WASHINGTON — A bipartisan group of US lawmakers filed suit against President Barack Obama on Wednesday, saying US military operations in Libya are "illegal" because they do not have congressional approval.
Democrat Dennis Kucinich of Ohio and nine other members of the House of Representatives signed the lawsuit challenging what they described as Obama's circumvention of Congress in authorizing the use of military force in a protracted effort to oust longtime Libyan ruler Moamer Kadhafi.
"With regard to the war in Libya, we believe that the law was violated. We have asked the courts to move to protect the American people from the results of these illegal policies," Kucinich said in a statement as the lawmakers filed their suit in a federal court in Washington.
The US Constitution stipulates that only Congress has the right to declare war.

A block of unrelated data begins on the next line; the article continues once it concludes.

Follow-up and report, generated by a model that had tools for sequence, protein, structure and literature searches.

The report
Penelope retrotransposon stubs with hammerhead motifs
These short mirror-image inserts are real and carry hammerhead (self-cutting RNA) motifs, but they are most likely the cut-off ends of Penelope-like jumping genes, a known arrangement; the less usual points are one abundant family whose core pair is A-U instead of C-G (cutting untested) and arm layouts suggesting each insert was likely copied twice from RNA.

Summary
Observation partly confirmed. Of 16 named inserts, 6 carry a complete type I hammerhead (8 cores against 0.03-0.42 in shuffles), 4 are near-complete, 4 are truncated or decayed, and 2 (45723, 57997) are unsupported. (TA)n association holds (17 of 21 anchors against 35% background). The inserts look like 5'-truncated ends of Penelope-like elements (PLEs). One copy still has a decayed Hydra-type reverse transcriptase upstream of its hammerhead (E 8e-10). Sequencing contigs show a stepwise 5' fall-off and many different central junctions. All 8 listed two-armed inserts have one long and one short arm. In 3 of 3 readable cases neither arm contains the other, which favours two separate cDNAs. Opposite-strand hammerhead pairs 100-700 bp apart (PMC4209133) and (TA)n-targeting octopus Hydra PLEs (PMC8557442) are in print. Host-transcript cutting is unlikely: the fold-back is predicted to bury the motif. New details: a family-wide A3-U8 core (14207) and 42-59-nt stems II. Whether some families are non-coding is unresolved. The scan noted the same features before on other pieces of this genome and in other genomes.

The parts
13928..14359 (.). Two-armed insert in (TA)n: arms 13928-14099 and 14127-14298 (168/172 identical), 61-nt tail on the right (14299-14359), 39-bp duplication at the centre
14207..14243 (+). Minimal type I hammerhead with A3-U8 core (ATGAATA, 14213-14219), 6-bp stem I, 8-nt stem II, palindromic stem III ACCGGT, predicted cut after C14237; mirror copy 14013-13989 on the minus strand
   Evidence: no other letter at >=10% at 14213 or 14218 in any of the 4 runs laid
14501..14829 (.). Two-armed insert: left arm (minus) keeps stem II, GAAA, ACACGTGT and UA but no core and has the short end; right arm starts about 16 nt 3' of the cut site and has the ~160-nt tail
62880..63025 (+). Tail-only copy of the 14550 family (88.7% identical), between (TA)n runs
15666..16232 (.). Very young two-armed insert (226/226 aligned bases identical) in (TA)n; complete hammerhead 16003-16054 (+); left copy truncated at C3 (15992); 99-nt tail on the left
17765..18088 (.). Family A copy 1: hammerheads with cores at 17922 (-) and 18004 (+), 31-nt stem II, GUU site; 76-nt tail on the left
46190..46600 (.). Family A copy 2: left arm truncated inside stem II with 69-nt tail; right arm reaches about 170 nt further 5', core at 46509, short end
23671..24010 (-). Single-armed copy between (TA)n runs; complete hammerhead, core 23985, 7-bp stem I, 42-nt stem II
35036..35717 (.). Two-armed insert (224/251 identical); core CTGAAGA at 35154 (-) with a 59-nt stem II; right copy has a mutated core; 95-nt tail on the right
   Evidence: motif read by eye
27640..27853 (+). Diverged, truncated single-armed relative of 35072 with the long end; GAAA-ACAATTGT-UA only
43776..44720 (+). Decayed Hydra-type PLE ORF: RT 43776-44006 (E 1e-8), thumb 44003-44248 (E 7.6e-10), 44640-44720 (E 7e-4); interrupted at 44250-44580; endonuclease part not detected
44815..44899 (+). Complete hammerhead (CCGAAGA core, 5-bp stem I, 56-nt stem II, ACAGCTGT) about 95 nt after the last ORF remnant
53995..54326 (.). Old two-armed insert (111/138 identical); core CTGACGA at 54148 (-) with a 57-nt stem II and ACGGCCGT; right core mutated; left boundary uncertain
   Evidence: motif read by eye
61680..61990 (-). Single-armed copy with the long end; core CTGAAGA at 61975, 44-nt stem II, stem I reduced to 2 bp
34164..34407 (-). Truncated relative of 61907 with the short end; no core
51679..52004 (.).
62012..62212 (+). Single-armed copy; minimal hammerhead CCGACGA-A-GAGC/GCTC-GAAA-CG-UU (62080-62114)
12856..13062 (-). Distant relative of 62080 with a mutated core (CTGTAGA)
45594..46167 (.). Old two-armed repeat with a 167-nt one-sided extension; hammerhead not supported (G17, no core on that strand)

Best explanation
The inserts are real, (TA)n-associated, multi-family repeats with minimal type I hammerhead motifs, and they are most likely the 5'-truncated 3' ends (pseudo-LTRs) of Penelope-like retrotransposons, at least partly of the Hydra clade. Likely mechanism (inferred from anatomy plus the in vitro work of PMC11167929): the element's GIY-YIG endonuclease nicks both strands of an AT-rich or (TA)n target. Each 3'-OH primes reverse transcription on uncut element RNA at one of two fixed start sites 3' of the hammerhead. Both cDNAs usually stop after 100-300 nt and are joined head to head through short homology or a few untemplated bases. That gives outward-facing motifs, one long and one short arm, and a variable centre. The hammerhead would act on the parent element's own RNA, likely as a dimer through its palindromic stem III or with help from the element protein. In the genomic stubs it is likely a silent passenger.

The suit "challenges policy that any president can take the US to war unilaterally," said the lawmakers, who included Republicans Walter Jones of North Carolina and Ron Paul of Texas.
It specifically questions a president's policy of committing the United States "to a war under the authority of the North Atlantic Treaty Organization (NATO)," or the United Nations, without authorization from Congress.
It also states that Obama violated the War Powers Resolution, the 1973 law aimed at curtailing US presidents' ability to deploy the military overseas, because his administration did not get congressional approval "for the use of military force in wars like the one in Libya."
The law stipulates that, absent congressional authorization, a military withdrawal from a conflict must be initiated within 60 days and completed within 90 days. The latter limit will be reached on Sunday.